The TV grilling of Brexit backer Arron Banks has exposed a "discrepancy" in his account of how he sourced £8 million of funding to the Leave campaign, a senior MP has said.
Mr Banks has insisted there was "no Russian money and no interference" after a criminal probe was launched into the source of the money.
The businessman and co-founder of the Leave.EU campaign told BBC One's Andrew Marr Show that all the cash came from a UK-registered company, and repeated claims that he was being targeted by Remain-supporting politicians.
But Damian Collins, chairman of the House of Commons Culture, Media and Sport Committee, said Mr Banks had previously given evidence that the company existed to provide services to his other enterprises, and generated no cash of its own.
A National Crime Agency (NCA) probe has been launched into "suspected criminal offences" after the Electoral Commission said it had reasonable grounds to suspect that Mr Banks was not the true source of the cash.
The elections watchdog also said that loans involved a company – Rock Holdings – based on the Isle of Man, which was impermissible under finance rules.
Mr Collins told BBC Radio 4's Today programme that Mr Banks' TV appearance had gone "not very far" in establishing the facts.
"Basically Arron Banks said the money came from a holding company that he told the Select Committee provides services to the other companies he owns," said the Conservative MP.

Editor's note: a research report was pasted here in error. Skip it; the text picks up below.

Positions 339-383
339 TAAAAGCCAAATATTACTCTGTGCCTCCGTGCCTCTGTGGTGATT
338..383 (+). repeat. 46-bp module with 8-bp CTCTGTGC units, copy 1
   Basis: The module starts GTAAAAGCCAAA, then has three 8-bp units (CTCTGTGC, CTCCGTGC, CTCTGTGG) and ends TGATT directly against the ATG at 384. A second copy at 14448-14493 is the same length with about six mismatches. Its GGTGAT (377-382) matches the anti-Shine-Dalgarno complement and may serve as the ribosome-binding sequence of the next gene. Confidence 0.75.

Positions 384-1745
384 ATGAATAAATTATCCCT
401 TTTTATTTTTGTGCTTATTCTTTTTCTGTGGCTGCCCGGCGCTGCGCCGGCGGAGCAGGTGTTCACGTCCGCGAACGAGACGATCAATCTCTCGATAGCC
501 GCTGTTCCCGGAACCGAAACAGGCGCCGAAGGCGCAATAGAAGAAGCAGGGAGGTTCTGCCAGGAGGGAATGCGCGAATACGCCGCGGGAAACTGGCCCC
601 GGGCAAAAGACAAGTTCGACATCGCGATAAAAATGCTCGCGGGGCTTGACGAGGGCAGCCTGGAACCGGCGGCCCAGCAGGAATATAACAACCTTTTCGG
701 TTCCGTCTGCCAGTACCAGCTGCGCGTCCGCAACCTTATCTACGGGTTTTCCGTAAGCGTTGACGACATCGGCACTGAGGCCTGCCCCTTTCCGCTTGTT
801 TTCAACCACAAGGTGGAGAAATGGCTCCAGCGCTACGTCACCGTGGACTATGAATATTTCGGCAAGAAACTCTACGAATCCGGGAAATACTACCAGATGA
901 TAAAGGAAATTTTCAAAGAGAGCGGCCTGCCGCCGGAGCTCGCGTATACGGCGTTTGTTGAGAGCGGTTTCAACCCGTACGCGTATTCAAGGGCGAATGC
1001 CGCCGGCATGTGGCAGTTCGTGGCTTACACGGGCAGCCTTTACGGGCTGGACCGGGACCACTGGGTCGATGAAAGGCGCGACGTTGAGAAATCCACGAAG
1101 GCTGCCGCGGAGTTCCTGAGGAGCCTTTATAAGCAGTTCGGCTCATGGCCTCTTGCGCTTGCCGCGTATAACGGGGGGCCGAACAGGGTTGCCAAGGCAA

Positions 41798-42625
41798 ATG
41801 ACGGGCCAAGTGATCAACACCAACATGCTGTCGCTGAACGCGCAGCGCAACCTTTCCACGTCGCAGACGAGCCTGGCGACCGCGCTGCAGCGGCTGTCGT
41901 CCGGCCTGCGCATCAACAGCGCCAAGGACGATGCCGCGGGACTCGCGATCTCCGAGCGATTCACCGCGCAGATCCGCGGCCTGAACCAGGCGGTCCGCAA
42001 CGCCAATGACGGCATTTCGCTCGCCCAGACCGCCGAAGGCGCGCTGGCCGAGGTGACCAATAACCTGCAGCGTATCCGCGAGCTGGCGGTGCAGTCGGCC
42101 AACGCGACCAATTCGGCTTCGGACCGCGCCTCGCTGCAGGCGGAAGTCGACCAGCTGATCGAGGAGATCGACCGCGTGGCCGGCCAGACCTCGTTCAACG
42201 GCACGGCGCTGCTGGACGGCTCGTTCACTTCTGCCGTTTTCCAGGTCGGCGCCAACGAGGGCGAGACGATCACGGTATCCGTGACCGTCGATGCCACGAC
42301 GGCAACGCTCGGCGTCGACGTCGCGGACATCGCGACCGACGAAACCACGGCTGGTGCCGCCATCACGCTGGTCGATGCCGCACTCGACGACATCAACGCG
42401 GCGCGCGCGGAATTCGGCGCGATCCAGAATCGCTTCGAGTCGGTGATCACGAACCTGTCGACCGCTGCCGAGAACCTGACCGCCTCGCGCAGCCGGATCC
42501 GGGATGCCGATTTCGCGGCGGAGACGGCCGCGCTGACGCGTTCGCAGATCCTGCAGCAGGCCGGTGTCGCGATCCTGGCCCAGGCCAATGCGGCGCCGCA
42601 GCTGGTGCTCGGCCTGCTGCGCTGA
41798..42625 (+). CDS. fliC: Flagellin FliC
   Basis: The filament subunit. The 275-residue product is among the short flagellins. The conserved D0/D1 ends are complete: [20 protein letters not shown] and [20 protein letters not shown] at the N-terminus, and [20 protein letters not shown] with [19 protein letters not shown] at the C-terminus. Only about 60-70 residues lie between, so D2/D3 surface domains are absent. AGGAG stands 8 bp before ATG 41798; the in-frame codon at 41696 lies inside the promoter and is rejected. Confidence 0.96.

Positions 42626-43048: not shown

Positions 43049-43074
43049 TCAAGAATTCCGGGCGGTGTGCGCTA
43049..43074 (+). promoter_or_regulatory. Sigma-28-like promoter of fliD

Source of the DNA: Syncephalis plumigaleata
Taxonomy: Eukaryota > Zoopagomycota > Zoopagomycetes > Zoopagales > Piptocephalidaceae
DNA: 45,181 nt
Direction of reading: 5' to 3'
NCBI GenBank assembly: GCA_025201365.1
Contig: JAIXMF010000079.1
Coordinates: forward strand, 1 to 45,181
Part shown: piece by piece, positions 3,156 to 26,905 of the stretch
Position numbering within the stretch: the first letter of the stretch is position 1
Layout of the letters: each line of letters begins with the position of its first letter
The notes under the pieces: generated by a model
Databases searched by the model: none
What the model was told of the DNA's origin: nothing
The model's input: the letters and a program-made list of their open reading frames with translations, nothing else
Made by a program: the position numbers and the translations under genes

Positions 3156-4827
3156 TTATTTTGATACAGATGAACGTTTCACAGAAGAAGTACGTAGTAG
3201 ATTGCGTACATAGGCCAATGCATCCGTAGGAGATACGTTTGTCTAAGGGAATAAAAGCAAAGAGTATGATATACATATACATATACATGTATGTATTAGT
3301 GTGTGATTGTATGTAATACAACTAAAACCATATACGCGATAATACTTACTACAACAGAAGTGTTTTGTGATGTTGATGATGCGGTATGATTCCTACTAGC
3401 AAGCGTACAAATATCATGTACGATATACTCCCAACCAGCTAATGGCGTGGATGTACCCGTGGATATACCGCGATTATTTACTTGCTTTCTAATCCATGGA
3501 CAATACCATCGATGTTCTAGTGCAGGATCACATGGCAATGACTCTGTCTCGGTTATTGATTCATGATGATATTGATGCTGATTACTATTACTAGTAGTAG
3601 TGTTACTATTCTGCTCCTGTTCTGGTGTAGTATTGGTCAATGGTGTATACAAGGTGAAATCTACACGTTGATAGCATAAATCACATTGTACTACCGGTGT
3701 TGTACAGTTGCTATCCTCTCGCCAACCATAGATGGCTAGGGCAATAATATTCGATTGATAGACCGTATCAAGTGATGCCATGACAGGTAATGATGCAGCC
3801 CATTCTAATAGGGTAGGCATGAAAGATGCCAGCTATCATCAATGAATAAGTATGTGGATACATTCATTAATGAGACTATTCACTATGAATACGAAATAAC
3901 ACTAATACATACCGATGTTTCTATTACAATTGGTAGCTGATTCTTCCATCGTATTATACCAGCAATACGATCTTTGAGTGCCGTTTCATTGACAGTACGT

"What's not clear is where the money came from to get to that holding company in the first place, because this is a business that in and of itself doesn't generate cash. The question is where did the money come from?
"It is a discrepancy because what he told us was that Rock Services really just provides services to other companies that he owns – provides cash, makes payments. It doesn't make any money itself. It's not selling products and services and generating cash.
"For Rock Services to have money to give to Leave.EU or anyone else, that money has got to have been put in that bank account by another company or another individual.
"If Rock Services made the donation, where did the money come from for Rock Services to do that? That is still not clear. No matter how many times he was asked that question, he didn't answer it."
Mr Collins rejected suggestions that the UK's departure from the European Union should be put on hold while the investigation into Mr Banks and Leave.EU is carried out.
Questions over the validity of the referendum result could be raised only if misconduct was "proven to be true as a consequence of the investigation", he said.
The "unprecedented" involvement of the NCA in the case was an important step because the agency was able to examine all financial records of Mr Banks's businesses, including in areas outside UK jurisdiction such as the Isle of Man, said Mr Collins.
"I want this to be done as quickly as possible," he said. "But this isn't a question of what should be done about the referendum. Ultimately that is a matter for Parliament.
"It's important that the investigation goes ahead as quickly as possible and that Arron Banks is investigated. There's an argument he uses which is to say this is all politically motivated, this is not a proper investigation, it's about trying to delay Brexit.
"There are two issues here. There is the Brexit process which is ongoing and there is what should be a full and proper investigation into Mr Banks and the source of his funds."
The Electoral Commission's review of referendum finances focused on £2 million reported to have been loaned to Better For The Country by Mr Banks and his insurance companies and a £6 million donation which he made alone.
Mr Banks and Leave.EU chief executive Liz Bilney deny any wrongdoing.